Racism Is Defined As An Ideology Of Racial Superiority

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Introduction
Racism is defined as an ideology of racial superiority followed by discriminatory and prejudicial behavior. Racism can come in many forms such as racial profiling; hating someone for the color of their skin, workplace discrimination, and the stereotypical notion that one race has superior work ethics than another. No matter the origin, racism can have long lasting effects on its victims and the community. We will look how the psychological impact of racism affects the victim mentally and health wise. We will then look into how the community can be affected.
Effects on the Victim
Racism may be as subtle as a clothing store clerk following targeted customers from isle to isle under the disguise of straightening already
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Media influence paired with the longstanding cultural norms in the United States shows the Black American population, especially Black males, as being hyper-aggressive criminals (Akbar, 1981; Dixon, 2008; Painter, 2007; Parham et al., 1999). Research exploring the connections between racial discrimination and criminal offending has concluded that in many instances a positive association exists between racial discrimination and increased criminal activity (Burt, Simons & Gibbons, 2012).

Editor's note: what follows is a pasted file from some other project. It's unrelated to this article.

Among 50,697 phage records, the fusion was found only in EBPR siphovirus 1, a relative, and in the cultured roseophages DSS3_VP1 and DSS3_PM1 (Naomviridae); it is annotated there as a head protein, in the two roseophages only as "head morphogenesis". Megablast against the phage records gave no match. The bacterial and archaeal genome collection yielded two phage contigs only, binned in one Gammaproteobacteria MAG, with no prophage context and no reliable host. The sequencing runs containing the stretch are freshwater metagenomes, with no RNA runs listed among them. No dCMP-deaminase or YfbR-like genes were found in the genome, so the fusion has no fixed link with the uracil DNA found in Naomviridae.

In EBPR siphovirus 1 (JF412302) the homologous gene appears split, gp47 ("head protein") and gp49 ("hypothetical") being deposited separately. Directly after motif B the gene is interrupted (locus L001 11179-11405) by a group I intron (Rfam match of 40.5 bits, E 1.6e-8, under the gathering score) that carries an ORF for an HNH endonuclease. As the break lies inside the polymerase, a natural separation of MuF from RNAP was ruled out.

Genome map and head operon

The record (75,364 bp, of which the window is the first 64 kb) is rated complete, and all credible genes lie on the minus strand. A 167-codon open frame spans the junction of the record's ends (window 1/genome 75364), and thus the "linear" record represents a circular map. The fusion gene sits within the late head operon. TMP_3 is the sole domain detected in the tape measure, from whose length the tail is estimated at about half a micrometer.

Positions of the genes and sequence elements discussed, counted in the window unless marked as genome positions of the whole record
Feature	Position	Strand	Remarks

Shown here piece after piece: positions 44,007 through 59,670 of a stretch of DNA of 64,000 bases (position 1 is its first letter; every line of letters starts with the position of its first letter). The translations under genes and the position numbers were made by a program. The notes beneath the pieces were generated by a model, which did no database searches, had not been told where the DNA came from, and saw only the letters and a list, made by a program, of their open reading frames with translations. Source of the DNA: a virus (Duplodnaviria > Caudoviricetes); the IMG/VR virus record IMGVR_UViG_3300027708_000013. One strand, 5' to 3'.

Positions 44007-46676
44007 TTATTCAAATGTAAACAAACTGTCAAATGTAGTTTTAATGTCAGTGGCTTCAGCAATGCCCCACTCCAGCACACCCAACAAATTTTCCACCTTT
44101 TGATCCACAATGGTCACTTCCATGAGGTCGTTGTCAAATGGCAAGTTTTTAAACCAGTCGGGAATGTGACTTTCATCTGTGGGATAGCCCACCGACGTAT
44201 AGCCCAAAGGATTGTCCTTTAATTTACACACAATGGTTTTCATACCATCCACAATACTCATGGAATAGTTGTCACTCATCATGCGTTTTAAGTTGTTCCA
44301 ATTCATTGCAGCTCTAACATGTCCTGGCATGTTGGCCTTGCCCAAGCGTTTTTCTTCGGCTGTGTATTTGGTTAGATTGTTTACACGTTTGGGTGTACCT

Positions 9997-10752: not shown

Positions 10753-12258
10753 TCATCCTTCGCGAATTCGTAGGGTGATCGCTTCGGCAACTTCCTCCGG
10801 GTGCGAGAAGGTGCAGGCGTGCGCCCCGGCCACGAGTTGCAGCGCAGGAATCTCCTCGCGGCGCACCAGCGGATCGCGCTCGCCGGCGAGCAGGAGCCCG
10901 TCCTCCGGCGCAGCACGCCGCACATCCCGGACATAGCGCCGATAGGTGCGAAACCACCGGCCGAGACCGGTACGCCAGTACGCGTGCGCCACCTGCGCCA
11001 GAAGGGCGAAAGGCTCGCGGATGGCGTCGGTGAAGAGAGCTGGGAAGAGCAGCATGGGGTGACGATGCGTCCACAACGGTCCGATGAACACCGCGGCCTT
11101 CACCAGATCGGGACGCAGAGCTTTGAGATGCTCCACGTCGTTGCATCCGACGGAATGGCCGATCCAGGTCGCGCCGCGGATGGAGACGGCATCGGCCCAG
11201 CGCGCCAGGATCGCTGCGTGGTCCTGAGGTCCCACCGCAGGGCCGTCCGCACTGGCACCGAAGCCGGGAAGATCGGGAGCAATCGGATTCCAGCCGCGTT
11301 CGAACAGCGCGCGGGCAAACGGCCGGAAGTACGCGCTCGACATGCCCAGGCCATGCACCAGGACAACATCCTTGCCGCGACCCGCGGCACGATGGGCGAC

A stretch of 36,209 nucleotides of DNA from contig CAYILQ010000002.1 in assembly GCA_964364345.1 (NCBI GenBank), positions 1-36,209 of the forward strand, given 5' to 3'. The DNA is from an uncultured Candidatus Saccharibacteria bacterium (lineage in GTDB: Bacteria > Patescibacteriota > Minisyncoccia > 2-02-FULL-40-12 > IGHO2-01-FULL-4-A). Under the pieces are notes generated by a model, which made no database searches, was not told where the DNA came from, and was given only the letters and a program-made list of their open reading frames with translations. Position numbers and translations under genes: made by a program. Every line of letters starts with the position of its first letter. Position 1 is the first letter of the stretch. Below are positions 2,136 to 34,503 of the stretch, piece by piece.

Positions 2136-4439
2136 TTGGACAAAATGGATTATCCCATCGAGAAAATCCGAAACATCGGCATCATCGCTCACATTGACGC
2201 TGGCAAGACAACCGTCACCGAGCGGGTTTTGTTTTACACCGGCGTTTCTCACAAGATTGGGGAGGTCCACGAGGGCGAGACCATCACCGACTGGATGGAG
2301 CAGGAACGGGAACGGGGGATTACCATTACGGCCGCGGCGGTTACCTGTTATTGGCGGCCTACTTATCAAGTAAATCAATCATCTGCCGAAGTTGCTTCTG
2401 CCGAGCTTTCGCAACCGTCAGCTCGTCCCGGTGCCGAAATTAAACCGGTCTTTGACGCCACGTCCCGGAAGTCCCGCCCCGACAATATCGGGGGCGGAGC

Victims of racism may experience signs of psychological distress that present in the form of mental stress. Although regular stress can have negative effects on an individual, the added stress of racism undoubtedly increases the level of stress the victim experiences. Perceived racism may lead to mental health symptoms similar to trauma (Pieterse, Todd, Neville, & Carter, 2012). They found that perceived racism was positively related to psychological stress. In addition, Black Americans have been noted to have higher rates of hypertension. Hypertension in itself has been associated with stress and depression. This along with studies like a landmark report from the Institute of Medicine (IOM) in 2003 which documented that from the simplest to the most technologically advanced diagnostic and therapeutic interventions, African American individuals and those in other minority groups receive fewer procedures and poorer-quality medical care than white
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